Glad you made our 145th BP. It was a grand day.
"How's that Barry fella working out?"
Why, just fine, and thanks for asking. Fate simply couldn't have provided a better target for the Republican candidate, and perhaps the Republican party as a whole. We might control Congress and the White House for the next twenty years after this latest Democratic debacle.
Fingers crossed! You may be right in the "Big Picture" sense, but the process is awfully painful to watch.
Come the Russian invasion, we think you're going to make a great buffer zone!
Aren't you too young to remember the "Bomarc Missle fiasco", "The DEW Line" and the CF-105?
Uh, yes! Much too young. But we whippersnappers appreciate you old codgers sticking around, if for nothing else than to remind us that we, too, with proper medical rejuvenation techniques, can outlive our usefulness on the planet as well.
And thanks for asking!
I sure do remember the great Oregon boundary dispute, and the campaign slogan, "WD-40 or Fight!"
I thought that was you! I have relatives in WA, OR & CA. Cousin Lowell got his law degree from U of Oregon in 1898.
I used to feel somewhat dismissive of Canada as a warmed over US that was freezing most of the time and that foisted their single-payer health car disaster on it's citizens.
But I have a lot more respect for them now. They have oil - and their government is supportive in efforts to go after it! They extended the hand of friendship by offering to sell us their oil at a cut rate and to help build a pipeline so we can have easier access to it. And lastly, they didn't have the economic and financial meltdown that most of Europe and the US had - mostly because they seem to have the quaint idea that when you borrow money, you should have the commitment and ability to pay it back.
We could learn a lot from them. Happy Canada Day! (though I agree with Doc that it is a pretty bland name)
No offense, Gary, but I prefer Dominion Day. For me it has more "color" (or is it "colour"?).
None taken ('cept for 1 "r" in Garry).
Color/colour...you say "potato"...I say "potato"...U say "aluminum"...I say "aluminum"...!
I also prefer "the Dominion of...".
You notice how kind I was in the article not to use the word "colony"?
Make that extra kind.
You got the Queen on your money?
Did so... BUTT... also noticed how U added an "oscopny" where there shuda been a hymen...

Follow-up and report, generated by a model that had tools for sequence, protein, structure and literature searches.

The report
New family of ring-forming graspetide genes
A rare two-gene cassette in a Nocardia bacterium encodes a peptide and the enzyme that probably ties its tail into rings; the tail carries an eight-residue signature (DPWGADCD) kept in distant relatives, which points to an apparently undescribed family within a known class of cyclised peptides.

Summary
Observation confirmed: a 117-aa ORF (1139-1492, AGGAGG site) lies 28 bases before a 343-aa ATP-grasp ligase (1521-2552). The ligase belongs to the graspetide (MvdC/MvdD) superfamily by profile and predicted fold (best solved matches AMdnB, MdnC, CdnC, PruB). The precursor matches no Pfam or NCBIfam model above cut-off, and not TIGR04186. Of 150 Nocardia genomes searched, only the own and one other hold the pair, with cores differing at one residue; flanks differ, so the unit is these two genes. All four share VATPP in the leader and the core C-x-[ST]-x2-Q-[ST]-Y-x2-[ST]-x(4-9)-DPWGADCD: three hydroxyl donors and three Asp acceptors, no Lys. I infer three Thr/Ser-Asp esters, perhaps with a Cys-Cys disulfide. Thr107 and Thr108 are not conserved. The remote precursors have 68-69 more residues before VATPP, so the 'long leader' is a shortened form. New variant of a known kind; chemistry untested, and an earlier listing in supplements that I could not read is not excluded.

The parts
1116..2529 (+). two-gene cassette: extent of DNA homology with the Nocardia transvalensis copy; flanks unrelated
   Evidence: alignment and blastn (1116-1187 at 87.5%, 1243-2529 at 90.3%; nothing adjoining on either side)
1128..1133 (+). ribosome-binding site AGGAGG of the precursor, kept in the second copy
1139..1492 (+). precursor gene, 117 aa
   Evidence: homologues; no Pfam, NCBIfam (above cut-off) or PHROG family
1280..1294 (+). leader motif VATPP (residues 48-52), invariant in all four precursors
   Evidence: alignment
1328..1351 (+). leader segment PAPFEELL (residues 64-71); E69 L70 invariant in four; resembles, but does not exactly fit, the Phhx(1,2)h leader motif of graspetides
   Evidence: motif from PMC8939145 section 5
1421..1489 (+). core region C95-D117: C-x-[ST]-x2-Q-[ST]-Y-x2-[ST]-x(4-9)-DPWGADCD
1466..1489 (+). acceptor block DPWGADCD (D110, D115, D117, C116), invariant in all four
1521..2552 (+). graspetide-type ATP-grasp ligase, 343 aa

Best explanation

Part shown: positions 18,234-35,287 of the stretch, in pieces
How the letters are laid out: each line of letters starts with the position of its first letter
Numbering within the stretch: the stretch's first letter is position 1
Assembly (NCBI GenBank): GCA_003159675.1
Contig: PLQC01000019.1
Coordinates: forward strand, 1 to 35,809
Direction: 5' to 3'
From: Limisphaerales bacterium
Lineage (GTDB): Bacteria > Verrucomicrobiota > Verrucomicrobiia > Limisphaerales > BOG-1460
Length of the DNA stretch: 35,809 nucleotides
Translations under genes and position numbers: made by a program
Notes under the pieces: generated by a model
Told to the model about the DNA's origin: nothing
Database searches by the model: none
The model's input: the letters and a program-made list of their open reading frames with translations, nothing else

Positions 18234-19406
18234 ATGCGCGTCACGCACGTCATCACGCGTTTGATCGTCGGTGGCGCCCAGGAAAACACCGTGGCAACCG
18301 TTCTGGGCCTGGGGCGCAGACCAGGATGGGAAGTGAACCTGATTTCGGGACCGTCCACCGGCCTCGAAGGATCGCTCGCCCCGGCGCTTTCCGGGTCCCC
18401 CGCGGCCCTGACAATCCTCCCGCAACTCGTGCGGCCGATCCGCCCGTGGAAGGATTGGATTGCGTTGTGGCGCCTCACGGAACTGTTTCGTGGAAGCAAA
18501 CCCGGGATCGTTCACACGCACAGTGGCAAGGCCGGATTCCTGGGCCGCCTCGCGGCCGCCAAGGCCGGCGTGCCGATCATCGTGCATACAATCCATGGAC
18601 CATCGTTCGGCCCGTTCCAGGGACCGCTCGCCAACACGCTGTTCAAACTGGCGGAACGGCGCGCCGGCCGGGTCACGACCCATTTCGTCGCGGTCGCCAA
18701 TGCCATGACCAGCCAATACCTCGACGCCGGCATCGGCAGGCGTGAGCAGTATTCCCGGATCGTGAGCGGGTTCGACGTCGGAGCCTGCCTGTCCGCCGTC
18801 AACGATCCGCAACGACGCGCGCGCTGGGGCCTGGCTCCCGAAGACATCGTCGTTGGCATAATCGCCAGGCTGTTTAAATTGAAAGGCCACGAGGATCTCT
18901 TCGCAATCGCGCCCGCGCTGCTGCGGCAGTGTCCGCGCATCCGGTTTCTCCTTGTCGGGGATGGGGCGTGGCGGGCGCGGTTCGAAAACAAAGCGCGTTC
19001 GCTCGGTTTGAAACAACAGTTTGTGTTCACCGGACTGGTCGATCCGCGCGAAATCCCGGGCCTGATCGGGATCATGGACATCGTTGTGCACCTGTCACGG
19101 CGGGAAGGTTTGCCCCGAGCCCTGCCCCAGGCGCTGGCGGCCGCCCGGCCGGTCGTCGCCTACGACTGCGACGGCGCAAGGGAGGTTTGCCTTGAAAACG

All in good fun, mudbug,
As mentioned "Ol' Glory" flies with the Maple Leaf at our house. Married to a Boston lass I am. We're now getting ready for the 4th Celebrations.
Decades ago, I recall reading that the U.S. Congress was debating the acquisition of western Canada for a sum of money, when the Civil War intervened. After the war, Canada withdrew the offer.
I haven't been able to confirm the story.
Can any of you readers confirm it?
It was probably around this time that Canada (Britain actually) withdrew the offer. It aligns with the birth of the Dominion of Canada as per the BNA Act of 1867.
Your answer to your original question could lie here:
THERE WAS A HIGH-LEVEL cONFEDERATE PLOT TO START UP A cANADA-usa WAR --SOME PLOTTERS WITH GOLD TO SPREAD AROUND CAUSED A GOOD-SIZED STIR --BUT THE cANADIAN AUTHORITIES, NEVER KNOWN TO BE (oops, caplok errrr) much fun, arrested 'em all.
Dominion Day Challenge
Describe what it means to be a Canadian without using "America" or "American" in your comment.
h/t Robert at SDA
Hmm, you ask the toughies. From the narrow restrictions you've placed upon your challenge, I presume this is out? Rats.
Okay, how about:
Canada: The country furthest away from the South Pole.
Not a "toughie" at all.
Anyone who can spell "coneckut" can obvilously spell "mastusetts"...eh?
Steve doesn't qualifee for an DDC...IMO.
Okeefenokee Swamp (spelled phonetically) --try THAT one.
BYW, wouldn't you think, that of all the words there are, that the one least likely to be spelled un-phonetically would be 'phonetically'?
hereby nominate 'fonetiklee', or 'fonetikulee' --
(rats --never even got out of my mind much less to the floor of the Great Hall of the Anglosphere, without a disgreement already)
steve in ct,
"Dominion Day Challenge"
As Merc suggested this is a tough one. Most Canadians define themselves, when asked, with relativity to our southern neighbors (there ya go, Doc) as in "We're not like them, eh?". Canada and the US have been the best of friends for many years (once we settled the War of 1812)